"There is no African, myself included, who does not appreciate the help of the wider world, but we do question whether aid is genuine or given in the spirit of affirming one’s cultural superiority. My mood is dampened every time I attend a benefit whose host runs through a litany of African disasters before presenting a (usually) wealthy, white person, who often proceeds to list the things he or she has done for the poor, starving Africans. Every time a well-meaning college student speaks of villagers dancing because they were so grateful for her help, I cringe. Every time a Hollywood director shoots a film about Africa that features a Western protagonist, I shake my head — because Africans, real people though we may be, are used as props in the West’s fantasy of itself. And not only do such depictions tend to ignore the West’s prominent role in creating many of the unfortunate situations on the continent, they also ignore the incredible work Africans have done and continue to do to fix those problems."
17 year old Leanna Archer turned a family recipe into an international company. Archer started a line of natural hair and body care products when she was nine years old. Her mother would make a hair pomade using natural ingredients from Haiti and a secret recipe passed down from her great-grandmother. After getting multiple compliments on her hair, Leanna gave her friends a few samples of the pomade and from there the orders started pouring in. Archer is now making history earning an annual revenue of more than $100,000 per year.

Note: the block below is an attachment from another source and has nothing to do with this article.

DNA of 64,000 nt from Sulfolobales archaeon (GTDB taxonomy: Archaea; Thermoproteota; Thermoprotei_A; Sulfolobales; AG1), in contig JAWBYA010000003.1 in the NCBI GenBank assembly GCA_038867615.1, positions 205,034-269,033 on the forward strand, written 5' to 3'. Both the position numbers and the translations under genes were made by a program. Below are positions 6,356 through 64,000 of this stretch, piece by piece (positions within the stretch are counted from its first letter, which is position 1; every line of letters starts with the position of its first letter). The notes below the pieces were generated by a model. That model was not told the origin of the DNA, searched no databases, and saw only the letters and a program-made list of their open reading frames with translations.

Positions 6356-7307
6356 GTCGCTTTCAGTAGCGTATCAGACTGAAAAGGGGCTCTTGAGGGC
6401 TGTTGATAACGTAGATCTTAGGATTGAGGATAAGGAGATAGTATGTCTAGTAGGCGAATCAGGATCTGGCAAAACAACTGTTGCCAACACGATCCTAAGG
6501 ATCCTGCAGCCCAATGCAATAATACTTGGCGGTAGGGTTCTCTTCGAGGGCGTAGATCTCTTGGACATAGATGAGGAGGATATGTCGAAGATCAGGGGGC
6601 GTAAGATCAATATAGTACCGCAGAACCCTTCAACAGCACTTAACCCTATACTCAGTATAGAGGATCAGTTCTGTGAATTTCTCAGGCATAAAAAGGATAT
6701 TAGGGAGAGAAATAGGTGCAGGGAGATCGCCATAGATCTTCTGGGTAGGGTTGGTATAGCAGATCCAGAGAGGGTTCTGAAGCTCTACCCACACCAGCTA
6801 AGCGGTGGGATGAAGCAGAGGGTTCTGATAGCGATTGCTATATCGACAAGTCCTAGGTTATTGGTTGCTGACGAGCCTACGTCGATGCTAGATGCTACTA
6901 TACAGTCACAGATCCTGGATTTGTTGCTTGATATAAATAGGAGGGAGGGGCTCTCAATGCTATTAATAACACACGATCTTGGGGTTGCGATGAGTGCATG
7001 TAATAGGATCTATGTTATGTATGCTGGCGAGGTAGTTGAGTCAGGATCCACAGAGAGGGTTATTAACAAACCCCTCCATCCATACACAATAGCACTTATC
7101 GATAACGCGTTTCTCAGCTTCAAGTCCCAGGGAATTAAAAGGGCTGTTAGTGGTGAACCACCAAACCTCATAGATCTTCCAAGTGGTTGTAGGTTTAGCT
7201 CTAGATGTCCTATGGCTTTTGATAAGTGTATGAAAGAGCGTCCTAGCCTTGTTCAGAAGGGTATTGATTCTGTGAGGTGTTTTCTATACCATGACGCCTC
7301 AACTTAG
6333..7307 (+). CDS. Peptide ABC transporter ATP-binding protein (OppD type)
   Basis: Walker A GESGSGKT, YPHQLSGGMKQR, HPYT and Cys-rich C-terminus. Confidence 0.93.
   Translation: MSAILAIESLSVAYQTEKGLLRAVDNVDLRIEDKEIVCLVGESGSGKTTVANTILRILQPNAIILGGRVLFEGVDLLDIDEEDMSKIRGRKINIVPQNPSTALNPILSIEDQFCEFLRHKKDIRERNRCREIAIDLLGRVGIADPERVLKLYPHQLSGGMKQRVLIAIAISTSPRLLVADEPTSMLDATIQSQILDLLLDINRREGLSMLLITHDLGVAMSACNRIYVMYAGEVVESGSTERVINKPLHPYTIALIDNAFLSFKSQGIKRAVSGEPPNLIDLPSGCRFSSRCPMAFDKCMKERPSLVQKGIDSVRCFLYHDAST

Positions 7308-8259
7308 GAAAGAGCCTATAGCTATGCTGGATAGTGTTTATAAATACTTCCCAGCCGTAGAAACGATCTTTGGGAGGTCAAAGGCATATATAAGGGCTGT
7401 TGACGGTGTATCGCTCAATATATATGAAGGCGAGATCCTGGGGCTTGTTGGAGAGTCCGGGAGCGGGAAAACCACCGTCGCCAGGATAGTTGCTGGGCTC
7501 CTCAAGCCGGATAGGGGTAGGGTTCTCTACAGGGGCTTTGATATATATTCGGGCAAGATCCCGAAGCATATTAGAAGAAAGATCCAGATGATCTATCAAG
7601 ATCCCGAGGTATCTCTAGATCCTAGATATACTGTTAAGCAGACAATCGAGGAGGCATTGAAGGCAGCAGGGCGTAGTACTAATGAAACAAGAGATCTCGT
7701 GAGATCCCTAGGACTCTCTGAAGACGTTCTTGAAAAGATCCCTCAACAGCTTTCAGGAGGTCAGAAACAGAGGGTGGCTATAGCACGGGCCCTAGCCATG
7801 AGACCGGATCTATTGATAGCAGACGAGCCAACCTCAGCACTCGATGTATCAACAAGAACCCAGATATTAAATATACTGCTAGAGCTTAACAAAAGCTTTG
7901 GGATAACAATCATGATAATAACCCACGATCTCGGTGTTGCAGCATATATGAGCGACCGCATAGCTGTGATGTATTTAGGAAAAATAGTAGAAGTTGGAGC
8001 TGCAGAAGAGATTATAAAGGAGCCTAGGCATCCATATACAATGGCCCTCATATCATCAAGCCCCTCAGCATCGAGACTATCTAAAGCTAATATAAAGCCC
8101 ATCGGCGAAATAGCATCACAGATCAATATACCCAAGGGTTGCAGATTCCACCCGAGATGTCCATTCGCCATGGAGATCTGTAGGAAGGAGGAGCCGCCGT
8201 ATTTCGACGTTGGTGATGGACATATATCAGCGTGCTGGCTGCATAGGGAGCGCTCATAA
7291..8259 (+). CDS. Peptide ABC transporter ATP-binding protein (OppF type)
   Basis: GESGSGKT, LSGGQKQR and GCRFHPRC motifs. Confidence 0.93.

As a young entrepreneur, public speaker and philanthropist. Archer has taken her experiences on the road, speaking to youth all over the country, and has been profiled in Forbes, Success Magazine, Ebony and other publications. She has been named on “Inc.” magazine’s 30 Under 30 list of top young entrepreneurs.
The short answer begins by examining the protest, which was organized by Likud activists and attended by several Knesset members, who (for obvious political reasons) stood before the masses and blamed their hardships on African refugees with incendiary catch phrases.
Addressing the “infiltration problem,” Knesset Member Miri Regev (Likud) criticized the Israeli government for not sending the African refugees from whence they came, calling them “a cancer in our body.” Danny Danon (Likud) followed up his incendiary speech by posting on Facebook, “Israel is at war. An enemy state of infiltrators was established in Israel, and its capital is south Tel Aviv.” And Michael Ben-Ari, a former member of the racist Kach party, incited the crowd by tapping both into their economic despair and xenophobia, warning them that the Africans would take all available jobs and leave everyone else with nothing.
Photo 1: A mother with her baby cries minutes after she was attacked by a mob, with the baby thrown to the ground, following a protest against African refugees and asylum seekers in Tel Aviv’s Hatikva neighborhood.
Photo 2: Eritrean refugees react moments after their shop was attacked by an angry mob.
Photo 3: A woman with a shirt that reads, “Death to the Sudanese.”
Photo 4: An Israeli mob in Tel Aviv burns garbage and sings, “The people want the Africans to be burned.”
This episode of NY Undercover had Nonchalant’s “5 o’clock” as part of the soundtrack to talk about racial profiling.
true story. i used to work with sudanese gangs in cairo. and this was their theme song. because the beat sounded so ill, even though they didnt understand english, really. ironic? yes, considering what the lyrics are saying…